From Peters to performance (Goffman)

Check out this short article about the necessity of “lying” … It is related to Peter’s point that we cannot avoid imperfect communication and in fact it is a very good thing we can’t communicate perfectly.

The author writes:

Here is the truth, the whole truth, and nothing but the truth: My name is Lisa, and I am a liar, though a good marketing consultant could probably finesse the word into something a bit more palatable: “Reality Stylist” might be good, or “Pinocchiotologist” could work. My mother insists that, at the end of the day, what I am is a storyteller — and she might have a point.

So I sugarcoat and I gloss over, and I rationalize and, yes, I sometimes fictionalize my little story.

So far, we’ve spent some time setting up a “battle” of ideas over communication and rhetoric. From Plato forward we’ve had many discourses (cultural “conversations” if you will) that emphasize the attitude that “rhetoric” is generally bad or dangerous because it can mislead or misrepresent. And from this position, we might be more likely to criticize this author for “fictionalizing” her stories.

But now we want to explore the other side of the “battle” over rhetoric–the side we probably aren’t as familiar with (even though it goes on around us every day). We will begin to fill in what a “rhetorical view” of communication means. And we will start creating more answers to the question “What else does communication do beyond transmit ideas?”

One question we could ask about this article is: “Is this really lying?” If we’re always seeing things and talking about things from a certain perspective and if there is no such thing as “truth or fact as they actually exist” (Lanham) then is “rhetoric” necessarily bad? … or like Peters says, is our imperfect communication–including rhetoric–a “handsome condition” and “blessing?” This week we’ll read about “performance” and consider the question “When aren’t we performing? When aren’t we wearing a mask?” And how do our performances also create identities and realities?

This article quotes Joan Didion who says, “We tell ourselves stories in order to live.” That message is similar to a point Lanham makes in “The Rhetorical Ideal of Life.” Lanham explains that with a “rhetorical view” we will realize that our “capacity to make up comforting illusions is as infinite as the university [we are] flung into. Naked into the world [we] may come, but not without resource.” ( 8 ) In other words, rhetoric, performance, “storytelling” are all necessary features and valuable resources for our lives shared with others. Like Isocrates and Peters believe, these aspects of communication allow us to connect with one another and create new beliefs, worlds, and culture.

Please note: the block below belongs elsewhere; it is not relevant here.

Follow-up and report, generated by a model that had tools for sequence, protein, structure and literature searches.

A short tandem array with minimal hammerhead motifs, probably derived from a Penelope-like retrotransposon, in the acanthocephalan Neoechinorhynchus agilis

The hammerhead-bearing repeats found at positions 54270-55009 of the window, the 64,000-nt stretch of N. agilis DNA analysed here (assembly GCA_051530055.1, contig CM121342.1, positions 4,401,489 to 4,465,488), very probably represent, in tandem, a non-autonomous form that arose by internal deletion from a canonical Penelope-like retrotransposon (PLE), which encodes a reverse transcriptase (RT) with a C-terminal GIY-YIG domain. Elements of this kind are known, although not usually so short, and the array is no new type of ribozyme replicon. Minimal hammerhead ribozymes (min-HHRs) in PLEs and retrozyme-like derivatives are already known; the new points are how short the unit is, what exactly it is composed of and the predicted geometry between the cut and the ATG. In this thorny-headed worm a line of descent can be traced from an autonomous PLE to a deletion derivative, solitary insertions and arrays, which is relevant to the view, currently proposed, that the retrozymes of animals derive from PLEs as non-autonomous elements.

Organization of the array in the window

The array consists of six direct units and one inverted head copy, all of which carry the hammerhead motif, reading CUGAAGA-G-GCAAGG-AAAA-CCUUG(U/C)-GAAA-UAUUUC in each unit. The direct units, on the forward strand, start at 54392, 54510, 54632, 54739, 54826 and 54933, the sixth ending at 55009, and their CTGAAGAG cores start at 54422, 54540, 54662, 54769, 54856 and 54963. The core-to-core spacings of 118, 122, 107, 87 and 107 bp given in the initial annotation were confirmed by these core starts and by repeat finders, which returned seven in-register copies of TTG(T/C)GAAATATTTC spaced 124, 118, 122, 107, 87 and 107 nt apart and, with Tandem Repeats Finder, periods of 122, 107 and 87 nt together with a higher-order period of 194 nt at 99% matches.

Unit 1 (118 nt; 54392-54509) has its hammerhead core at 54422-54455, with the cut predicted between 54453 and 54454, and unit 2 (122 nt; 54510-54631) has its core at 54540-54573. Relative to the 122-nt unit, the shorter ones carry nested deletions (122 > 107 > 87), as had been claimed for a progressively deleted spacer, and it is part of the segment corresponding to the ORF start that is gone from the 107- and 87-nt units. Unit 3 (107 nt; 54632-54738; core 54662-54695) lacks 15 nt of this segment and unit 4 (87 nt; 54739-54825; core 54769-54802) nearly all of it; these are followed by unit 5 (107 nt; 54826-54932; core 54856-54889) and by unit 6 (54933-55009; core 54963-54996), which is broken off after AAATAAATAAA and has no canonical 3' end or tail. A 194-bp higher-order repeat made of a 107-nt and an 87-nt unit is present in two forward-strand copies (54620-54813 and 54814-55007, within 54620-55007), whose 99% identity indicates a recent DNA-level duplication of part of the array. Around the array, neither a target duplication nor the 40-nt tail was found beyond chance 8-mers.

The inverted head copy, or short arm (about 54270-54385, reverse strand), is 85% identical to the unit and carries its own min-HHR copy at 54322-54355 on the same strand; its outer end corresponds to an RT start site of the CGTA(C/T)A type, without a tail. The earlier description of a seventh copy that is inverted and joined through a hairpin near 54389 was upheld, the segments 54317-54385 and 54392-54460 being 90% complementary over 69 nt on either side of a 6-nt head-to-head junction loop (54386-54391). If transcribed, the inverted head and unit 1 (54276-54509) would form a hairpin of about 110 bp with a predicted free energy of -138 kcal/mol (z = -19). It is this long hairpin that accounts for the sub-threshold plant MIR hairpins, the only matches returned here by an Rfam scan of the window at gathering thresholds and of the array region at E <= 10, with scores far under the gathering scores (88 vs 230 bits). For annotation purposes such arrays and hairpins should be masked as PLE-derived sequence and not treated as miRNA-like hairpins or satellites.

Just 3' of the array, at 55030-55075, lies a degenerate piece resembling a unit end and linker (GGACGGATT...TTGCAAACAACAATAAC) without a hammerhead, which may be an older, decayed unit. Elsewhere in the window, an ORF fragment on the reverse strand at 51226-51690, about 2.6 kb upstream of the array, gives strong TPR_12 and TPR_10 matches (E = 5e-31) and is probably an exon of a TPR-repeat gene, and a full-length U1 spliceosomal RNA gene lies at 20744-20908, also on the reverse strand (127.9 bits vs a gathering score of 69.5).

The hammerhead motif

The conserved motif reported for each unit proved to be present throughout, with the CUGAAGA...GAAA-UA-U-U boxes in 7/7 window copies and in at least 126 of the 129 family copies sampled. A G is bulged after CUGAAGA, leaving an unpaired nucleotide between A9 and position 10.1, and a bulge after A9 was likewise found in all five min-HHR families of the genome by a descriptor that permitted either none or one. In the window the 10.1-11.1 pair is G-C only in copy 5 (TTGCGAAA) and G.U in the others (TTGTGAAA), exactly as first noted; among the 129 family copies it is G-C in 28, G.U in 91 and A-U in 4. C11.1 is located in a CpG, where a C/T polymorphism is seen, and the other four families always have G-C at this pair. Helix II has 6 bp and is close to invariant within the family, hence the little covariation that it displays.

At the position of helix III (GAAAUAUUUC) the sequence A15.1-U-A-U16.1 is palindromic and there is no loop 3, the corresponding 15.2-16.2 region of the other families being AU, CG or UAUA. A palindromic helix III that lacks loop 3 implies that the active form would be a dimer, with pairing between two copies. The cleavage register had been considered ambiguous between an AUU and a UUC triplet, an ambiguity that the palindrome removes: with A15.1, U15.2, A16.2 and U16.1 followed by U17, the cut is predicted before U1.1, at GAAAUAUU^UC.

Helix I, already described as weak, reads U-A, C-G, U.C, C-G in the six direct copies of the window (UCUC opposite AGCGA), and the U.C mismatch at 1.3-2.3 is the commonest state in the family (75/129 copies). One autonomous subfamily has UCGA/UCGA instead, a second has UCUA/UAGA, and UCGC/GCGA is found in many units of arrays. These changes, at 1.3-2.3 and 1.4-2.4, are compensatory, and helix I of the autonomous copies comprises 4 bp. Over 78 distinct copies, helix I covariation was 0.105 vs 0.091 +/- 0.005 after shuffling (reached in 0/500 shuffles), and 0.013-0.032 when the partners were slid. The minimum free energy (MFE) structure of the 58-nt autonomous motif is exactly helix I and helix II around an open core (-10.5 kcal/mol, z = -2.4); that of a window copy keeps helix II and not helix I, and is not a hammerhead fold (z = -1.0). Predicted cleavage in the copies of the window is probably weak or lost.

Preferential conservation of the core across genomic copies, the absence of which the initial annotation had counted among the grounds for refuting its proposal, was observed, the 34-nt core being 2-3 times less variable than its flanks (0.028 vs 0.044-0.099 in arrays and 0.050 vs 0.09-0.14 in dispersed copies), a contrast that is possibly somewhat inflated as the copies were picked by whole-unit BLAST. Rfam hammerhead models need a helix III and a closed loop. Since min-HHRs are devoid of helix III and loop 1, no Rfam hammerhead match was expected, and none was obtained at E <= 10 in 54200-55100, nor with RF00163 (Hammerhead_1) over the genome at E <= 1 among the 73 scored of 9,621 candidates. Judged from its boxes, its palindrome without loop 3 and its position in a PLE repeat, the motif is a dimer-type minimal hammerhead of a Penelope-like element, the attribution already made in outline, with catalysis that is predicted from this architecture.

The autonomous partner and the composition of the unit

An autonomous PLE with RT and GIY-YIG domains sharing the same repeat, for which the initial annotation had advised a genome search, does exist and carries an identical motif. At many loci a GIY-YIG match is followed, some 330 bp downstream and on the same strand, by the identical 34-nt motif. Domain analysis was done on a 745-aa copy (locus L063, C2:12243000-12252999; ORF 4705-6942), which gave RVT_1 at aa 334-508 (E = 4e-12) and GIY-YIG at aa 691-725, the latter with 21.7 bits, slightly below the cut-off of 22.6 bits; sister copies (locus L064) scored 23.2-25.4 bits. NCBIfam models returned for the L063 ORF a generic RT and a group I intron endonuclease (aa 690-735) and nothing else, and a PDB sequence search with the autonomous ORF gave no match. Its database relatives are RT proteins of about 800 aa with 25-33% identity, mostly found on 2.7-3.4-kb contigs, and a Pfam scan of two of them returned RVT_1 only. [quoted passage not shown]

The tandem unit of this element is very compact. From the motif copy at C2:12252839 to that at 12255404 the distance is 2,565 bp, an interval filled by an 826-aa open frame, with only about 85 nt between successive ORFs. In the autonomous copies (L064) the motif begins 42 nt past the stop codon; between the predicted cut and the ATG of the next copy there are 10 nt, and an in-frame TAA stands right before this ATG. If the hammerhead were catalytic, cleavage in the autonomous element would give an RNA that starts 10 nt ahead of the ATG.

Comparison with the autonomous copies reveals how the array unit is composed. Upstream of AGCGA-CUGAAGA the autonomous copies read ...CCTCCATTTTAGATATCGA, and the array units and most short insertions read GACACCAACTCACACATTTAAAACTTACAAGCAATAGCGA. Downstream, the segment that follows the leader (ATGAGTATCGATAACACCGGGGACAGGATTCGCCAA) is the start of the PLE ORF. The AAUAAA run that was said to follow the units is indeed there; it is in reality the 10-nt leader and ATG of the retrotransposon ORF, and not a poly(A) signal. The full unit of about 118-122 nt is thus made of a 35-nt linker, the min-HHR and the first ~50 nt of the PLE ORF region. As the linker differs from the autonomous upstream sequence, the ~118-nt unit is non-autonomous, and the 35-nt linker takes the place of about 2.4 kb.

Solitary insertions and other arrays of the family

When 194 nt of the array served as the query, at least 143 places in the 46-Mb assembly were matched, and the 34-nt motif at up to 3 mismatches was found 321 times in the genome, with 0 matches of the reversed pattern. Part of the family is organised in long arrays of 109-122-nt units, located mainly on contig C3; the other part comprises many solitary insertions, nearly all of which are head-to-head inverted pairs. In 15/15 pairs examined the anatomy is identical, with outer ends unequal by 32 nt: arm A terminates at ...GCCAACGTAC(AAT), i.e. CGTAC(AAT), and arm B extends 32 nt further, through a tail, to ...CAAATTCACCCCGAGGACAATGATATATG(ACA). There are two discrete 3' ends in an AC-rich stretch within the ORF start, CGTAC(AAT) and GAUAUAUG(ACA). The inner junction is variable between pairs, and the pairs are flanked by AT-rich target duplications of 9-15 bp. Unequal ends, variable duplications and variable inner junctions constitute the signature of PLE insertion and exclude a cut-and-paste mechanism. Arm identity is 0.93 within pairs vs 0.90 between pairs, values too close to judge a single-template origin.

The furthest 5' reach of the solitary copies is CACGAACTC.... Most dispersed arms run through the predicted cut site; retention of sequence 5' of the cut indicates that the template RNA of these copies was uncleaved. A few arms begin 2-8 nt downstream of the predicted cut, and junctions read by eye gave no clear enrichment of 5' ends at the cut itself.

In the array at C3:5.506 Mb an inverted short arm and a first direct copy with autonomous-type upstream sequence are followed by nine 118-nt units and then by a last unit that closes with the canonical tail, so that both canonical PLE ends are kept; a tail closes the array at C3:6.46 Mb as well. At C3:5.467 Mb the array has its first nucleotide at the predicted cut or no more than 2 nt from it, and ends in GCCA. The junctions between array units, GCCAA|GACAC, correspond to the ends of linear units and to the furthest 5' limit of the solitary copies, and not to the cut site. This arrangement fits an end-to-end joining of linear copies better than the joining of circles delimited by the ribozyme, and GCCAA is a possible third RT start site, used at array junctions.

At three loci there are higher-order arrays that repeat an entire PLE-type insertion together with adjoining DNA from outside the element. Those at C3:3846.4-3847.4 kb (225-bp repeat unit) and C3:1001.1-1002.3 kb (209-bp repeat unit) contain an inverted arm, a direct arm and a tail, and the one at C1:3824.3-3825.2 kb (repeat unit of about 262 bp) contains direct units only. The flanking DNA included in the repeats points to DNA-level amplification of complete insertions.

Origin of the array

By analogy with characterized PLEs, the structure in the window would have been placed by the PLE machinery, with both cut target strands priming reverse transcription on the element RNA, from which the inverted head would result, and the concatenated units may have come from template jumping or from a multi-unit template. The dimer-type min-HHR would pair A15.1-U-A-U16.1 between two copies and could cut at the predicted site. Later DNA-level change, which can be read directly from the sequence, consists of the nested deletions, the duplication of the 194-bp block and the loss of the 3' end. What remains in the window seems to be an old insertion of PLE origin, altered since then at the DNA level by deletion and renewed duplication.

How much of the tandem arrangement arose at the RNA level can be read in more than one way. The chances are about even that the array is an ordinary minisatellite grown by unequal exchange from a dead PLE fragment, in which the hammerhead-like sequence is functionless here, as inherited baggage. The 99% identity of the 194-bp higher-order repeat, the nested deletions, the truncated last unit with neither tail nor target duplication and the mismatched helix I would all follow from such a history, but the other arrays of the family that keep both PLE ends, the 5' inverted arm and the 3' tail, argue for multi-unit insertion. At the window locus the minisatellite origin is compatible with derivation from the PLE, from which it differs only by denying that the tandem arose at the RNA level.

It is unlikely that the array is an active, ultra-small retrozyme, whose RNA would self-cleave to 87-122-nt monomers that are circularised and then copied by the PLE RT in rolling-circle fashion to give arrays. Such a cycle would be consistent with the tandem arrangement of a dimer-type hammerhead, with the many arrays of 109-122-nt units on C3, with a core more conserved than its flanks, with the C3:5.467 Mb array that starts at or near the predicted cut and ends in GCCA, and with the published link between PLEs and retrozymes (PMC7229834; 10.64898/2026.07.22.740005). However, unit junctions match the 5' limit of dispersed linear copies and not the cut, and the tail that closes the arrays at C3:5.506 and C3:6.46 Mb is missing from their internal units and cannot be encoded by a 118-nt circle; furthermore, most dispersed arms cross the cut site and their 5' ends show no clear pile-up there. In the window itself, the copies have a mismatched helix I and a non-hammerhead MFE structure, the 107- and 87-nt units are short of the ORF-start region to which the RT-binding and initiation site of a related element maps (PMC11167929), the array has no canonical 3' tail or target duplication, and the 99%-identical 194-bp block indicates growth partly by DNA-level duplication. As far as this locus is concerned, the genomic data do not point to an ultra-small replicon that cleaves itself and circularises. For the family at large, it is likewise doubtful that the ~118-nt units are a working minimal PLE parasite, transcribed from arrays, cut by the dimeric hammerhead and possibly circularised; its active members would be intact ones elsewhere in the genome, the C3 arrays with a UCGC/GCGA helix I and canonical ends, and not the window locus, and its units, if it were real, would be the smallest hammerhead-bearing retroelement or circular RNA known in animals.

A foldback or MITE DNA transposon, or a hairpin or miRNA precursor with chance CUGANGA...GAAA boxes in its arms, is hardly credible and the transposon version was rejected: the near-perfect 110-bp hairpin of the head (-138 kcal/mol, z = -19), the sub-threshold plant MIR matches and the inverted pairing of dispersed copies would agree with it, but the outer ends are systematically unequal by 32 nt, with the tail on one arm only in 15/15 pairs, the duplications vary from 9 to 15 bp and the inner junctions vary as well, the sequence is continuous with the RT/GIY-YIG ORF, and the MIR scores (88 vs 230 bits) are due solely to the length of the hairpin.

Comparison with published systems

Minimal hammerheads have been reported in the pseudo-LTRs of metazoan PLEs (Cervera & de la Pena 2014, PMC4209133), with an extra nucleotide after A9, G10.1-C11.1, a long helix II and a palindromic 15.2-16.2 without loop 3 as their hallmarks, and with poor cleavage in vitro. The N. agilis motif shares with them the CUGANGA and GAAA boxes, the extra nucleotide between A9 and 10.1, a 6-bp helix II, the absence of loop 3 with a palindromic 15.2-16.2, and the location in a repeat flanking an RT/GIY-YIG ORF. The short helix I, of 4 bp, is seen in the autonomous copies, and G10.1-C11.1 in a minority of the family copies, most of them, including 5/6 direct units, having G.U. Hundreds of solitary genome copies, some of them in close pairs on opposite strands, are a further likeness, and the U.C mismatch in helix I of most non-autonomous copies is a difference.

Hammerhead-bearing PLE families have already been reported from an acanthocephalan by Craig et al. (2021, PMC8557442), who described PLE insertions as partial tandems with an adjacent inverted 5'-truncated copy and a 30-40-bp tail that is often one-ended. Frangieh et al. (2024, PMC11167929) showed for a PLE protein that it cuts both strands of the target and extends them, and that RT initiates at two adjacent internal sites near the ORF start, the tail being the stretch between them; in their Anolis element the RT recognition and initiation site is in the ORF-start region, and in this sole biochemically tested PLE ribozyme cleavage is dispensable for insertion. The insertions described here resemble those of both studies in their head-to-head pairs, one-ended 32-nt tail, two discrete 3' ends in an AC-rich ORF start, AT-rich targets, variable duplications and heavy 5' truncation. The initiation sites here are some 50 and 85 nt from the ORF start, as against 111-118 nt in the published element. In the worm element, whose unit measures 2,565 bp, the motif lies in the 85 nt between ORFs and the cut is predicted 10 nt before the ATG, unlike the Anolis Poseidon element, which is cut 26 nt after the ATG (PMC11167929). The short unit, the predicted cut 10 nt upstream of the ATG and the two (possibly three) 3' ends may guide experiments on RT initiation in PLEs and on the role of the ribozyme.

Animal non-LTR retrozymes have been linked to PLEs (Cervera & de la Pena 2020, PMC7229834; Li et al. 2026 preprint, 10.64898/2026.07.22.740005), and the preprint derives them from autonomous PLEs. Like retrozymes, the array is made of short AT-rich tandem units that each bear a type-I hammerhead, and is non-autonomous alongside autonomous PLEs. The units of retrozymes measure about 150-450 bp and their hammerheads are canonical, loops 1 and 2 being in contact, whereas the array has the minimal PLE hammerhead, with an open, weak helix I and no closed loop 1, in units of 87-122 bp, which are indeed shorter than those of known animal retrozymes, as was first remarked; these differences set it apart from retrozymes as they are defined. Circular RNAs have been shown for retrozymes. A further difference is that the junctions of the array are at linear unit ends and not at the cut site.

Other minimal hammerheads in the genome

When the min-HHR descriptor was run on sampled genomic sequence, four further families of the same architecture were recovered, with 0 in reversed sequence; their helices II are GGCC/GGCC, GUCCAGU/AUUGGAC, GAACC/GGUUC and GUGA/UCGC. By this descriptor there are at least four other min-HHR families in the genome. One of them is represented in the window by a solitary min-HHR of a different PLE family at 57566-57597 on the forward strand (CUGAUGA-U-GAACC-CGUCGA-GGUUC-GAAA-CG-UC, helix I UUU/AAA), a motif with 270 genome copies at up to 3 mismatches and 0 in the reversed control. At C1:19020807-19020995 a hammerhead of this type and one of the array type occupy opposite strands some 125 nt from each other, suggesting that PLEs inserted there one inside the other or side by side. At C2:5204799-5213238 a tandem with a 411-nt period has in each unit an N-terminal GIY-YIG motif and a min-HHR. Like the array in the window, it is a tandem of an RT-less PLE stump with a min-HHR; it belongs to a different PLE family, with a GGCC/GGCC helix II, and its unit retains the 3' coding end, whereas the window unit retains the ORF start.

The “Problem” of Communication

In our reading this week, Peters claims that we have a narrow and limited way of thinking about communication. We dream of perfect, ideal communication (as if we’re striving for telepathy); we get frustrated when we miscommunicate; we blame communication as the “problem;” and then we often stop communicating altogether (“solipsism”) or we just keep getting frustrated. But Peters argues that the “problem” of communication is not that communication fails and not that we miscommunicate; the problem is the way we think about communication.

Here are a few examples that demonstrate the way Peters says we usually think and talk about communication (and remember, he wants to challenge these limited views of communication).

From “General Information about Communication Problems”

“Almost all conflicts involve communication problems, as both a cause and an effect. Misunderstandings, resulting from poor communication, can easily cause a conflict or make it worse. Further, once a conflict has started, communication problems often develop because people in conflict do not communicate with each other as frequently, as openly, and as accurately as they do when relationships are not strained.”

This excerpt once again represents a “Transmission Model” or “standard view of communication” that believes we just need to learn to communicate more effectively–to use the tool of communication better. And it suggests that more communication, more honesty (truth), and more clarity will somehow fix communication.

From “Solutions to Your Top Two Communication Problems” by Dr. Brenda Shoshanna

Without effective communication, no relationship stands a chance. … When we are fighting, we want more than ever to be understood and words go flying back and forth like arrows.

[C]ommunication consists not only of talking, but also listening and hearing what is being said. … it is crucial to realize that each person can only truly “hear” what is being said if they are willing to put aside their own point of view and really be available to know the heart and mind of the other.

These excerpts give an example of how we act as if we truly could create some direct link between our minds. We desire to be understood perfectly (telepathy).

From High School Musical 2, “You are the Music in Me”

I admit: I’m a HSM fan. … but to the point. Many love songs about “connecting” and finding true love also shape and reveal the way we think about communication.

It’s like I knew you before we met (Before we met)
Can’t explain it (Ohh ohh)
There’s no name for it (No name for it)

I’m saying words I never said

And it was easy (So easy)
Because you see the real me (I see)
As I am

You understand
And that’s more than I’ve ever known

To hear your voice (Hear your voice)
Above the noise (Ohh ohh)

And no, I’m not alone

Their voices cut through the “noise” and they connect in a way where they understand each other perfectly … Gabriella sees the “real Troy,” as if communication was able to merge their souls.